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Thursday, October 17, 2013

Women Sarpanchs: 'Fighting Against All Odds' In MP

By Shirish Khare / Bhopal

Panchayats of Madhya Pradesh provide reservation of up to 50 per cent for women, but the participation of women in governance has gone beyond such new roles. INN Live reports on how women leaders are transforming the very traditions and symbols of grassroots politics. 

It does not take much time to form stereotypes, especially if these are negative and related to women.
Nearly two decades ago, when women were offered a chance at one-third partnership in the Panchayati Raj system in Madhya Pradesh, several promises were made to them but the underlying assumption appeared to be that male members would continue to dominate the system indirectly in spite of reservations for women who were likely to be mere puppets. In further strengthening of this notion, a new concept emerged, aptly captured by the freely coined term, "Sarpanch-Husband".

Since then, reservations for women have been increased to fifty per cent. But it is necessary to examine whether real efforts have been made so far to enhance real empowerment of women and whether they have reached meaningful heights within the system.

Although the previous Panchayati elections were held nearly two years ago, data on it is not available at any single point, and so, it is not possible to directly conclude the actual present weightage of women in politics. To find out, I started probing the matter by compiling data received from the department of Panchayati Raj and the Election Commission. Examination and analysis of the same yielded many surprising and happy results.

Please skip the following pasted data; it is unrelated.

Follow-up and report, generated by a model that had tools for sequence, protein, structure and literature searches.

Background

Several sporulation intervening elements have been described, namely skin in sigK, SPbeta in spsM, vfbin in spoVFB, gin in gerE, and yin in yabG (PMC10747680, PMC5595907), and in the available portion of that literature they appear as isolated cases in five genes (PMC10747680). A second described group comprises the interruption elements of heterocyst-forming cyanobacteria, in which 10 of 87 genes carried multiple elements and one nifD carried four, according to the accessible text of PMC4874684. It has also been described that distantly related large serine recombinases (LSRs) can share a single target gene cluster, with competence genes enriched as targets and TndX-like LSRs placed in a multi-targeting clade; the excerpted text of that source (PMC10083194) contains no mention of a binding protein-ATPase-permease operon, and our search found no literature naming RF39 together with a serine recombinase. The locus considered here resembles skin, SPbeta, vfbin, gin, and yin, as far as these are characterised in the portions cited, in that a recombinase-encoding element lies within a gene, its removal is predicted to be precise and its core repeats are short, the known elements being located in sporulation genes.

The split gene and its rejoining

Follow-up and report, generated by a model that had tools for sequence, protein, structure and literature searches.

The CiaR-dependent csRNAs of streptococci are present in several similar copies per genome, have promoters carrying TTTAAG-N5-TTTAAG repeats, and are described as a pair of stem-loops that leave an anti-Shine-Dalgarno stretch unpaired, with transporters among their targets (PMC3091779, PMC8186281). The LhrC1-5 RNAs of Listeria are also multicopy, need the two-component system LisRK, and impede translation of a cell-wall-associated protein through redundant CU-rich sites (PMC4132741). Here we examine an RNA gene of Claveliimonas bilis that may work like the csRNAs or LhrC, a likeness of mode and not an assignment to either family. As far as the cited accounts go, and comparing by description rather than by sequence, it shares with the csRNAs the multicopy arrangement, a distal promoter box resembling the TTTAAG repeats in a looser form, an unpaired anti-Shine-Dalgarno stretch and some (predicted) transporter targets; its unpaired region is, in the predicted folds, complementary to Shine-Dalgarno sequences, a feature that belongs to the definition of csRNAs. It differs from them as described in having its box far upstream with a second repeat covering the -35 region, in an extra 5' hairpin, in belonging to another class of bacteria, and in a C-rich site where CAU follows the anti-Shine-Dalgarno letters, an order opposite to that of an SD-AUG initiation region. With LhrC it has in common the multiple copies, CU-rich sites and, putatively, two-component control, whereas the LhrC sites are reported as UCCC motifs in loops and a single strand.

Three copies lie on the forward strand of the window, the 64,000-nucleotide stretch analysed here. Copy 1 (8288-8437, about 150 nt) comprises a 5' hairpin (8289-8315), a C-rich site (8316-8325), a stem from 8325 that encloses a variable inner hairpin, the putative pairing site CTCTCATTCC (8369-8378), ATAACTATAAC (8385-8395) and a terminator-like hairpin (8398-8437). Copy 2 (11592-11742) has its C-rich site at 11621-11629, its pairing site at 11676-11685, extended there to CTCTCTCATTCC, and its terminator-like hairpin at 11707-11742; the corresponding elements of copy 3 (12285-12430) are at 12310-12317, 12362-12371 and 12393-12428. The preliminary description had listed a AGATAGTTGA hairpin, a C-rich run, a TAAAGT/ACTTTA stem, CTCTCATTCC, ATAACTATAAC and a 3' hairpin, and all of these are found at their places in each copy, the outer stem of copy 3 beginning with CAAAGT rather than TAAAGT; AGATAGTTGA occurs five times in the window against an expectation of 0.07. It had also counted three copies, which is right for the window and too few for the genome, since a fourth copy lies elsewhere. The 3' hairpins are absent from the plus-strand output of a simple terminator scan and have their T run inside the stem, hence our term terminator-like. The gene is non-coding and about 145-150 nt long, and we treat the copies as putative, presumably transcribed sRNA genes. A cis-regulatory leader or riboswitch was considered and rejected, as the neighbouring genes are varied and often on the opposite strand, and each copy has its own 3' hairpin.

First and most important, it is clear that these women sarpanchs and panchs have not only established themselves as important and effective leaders in the Panchayati Raj over these years, but have also been successful in subverting male dominance and its symbols in many cases. They have also successfully transformed the definition of leadership and its language.

If we scan the political journey of these women in the Panchayati Raj system since 1993, we may conclude that they have already played two successful innings so far. The prominent one is that in which women have defeated male contestants even in general seats and in a good number of such seats, thus demolishing the misconception of male political superiority. There are more than six thousand women representatives in the state who have defeated male contestants in general seats despite the fact that in reality, the general seats are wrongly said to be reserved for male members and women candidates are discouraged to contest these.

A second achievement is that the number of women contestants vying for the reserved seats has gradually increased in successive elections. Many young women, from various fields, have contested and won the elections. Many of them in fact contested twice, or even thrice, and won the elections. Some of them have reached Janpad as members or occupied the seat of district chairman. As a combined force, they have changed the political scene in the state, the style of working and functioning of the system, and thus established the reality that women can make better leaders than their male counterparts.

Data compiled shows that in the panchayat elections, which is the first rung in the ladder of politics, a total of 396,000 representatives were elected, out of whom 205,000 are women. More than half of these women belong to tribal or downtrodden and backward communities. One Sarpanch in Madhya Pradesh represents 1695 persons and thus nearly 12,000 women Sarpanchs across the state represent well over two crore people.

Women have also scaled the higher levels of the Panchayati Raj system: there are 30 women among the 50 district panchayat chairmen, so that 60 percent of the chairmen are women.